Wednesday, 19 March 2008

Bad arguments for infant communion (part 3)

Part one, part two.

At this point, a further Baptist assertion can be made. The debate over infant communion and infant baptism is often framed by the paedobaptist or paedocommunionist in terms of "whether there is continuity between the covenants or not". This is actually a red herring. Once the paedo-whatnot has conceded that the New Covenant fulfillment of the Old Covenant land promises should be seen in terms of a spiritual inheritance during the present time and a physical inheritance only in the age to come, he can't frame the debate that way any longer. At this point, both Baptist and non-Baptist have agreed that Old Covenant promises do not have to move in only one direction and dimension (expanded privileges, nothing can be withdrawn). We have agreed that they can evolve in a complex way such that today the physical territory doesn't actually covenantally belong to anyone - that in one sense the privilege has contracted. If the paedo-baptist/communionist admits this, then he can't any more just slap down the "expanded privileges" card when talking about baptism or communion as if it were a trump suit. If the way in which the expansion of covenantal blessing works out for land is in some sense a spiritual and/or future fulfillment, then he's accepted the principle that Baptists argue for in the case of baptism and the Lord's Supper. He can no longer rule it out a priori as an illegitimate option. In other words, if he argues like a Baptist on one point, then this means that we're no longer debating "continuity or not" - we both accept that continuity is not a straightforward yes/no option. We're now debating the extent to which "spiritualisation" and "futurisation" take place and where it applies, not whether they take place at all. On this issue of the land, it's ironically only the Zionist dispensationalist who's actually taking the supposed principle of irrevocable covenant privileges and applying it consistently, though he seriously misidentifies who God's covenant people actually are.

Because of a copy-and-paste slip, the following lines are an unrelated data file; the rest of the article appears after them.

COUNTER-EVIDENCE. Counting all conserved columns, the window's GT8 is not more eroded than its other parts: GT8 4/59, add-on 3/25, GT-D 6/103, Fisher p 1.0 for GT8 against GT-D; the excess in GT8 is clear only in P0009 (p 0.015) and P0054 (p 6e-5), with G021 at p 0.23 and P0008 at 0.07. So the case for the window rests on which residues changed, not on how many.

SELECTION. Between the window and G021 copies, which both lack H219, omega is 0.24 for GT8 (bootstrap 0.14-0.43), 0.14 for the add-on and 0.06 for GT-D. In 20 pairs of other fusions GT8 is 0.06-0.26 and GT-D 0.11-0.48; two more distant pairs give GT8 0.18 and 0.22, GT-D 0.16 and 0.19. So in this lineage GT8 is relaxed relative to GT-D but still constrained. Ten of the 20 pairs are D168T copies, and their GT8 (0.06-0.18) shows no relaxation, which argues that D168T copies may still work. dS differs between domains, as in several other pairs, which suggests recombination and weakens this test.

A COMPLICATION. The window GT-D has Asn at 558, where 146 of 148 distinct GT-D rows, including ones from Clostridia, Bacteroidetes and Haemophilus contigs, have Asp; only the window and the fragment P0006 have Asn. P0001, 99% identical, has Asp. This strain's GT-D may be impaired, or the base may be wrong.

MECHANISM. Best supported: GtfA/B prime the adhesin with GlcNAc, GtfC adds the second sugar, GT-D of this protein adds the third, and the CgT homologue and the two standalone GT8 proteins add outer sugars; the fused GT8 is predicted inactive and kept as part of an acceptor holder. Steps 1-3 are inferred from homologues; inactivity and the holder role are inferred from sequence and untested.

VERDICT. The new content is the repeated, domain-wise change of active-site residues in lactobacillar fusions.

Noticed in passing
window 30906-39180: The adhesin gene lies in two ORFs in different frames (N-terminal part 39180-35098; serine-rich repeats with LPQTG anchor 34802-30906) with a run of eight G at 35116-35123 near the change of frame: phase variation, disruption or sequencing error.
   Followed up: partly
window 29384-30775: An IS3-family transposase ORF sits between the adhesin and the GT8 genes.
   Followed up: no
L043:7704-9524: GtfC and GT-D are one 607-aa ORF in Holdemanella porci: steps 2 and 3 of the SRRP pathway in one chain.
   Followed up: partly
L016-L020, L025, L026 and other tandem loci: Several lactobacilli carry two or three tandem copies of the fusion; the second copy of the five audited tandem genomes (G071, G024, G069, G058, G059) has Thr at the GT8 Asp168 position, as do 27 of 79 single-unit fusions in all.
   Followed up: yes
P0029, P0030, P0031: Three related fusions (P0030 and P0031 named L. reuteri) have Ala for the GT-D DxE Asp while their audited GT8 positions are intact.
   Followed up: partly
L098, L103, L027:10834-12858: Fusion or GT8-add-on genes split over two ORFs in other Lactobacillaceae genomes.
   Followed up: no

It appears at this point that our imaginary Jewish friend, quoted in part one, is taking a rather simplistic view of things. Next, I want to examine what he's actually said.

To be continued...

No comments: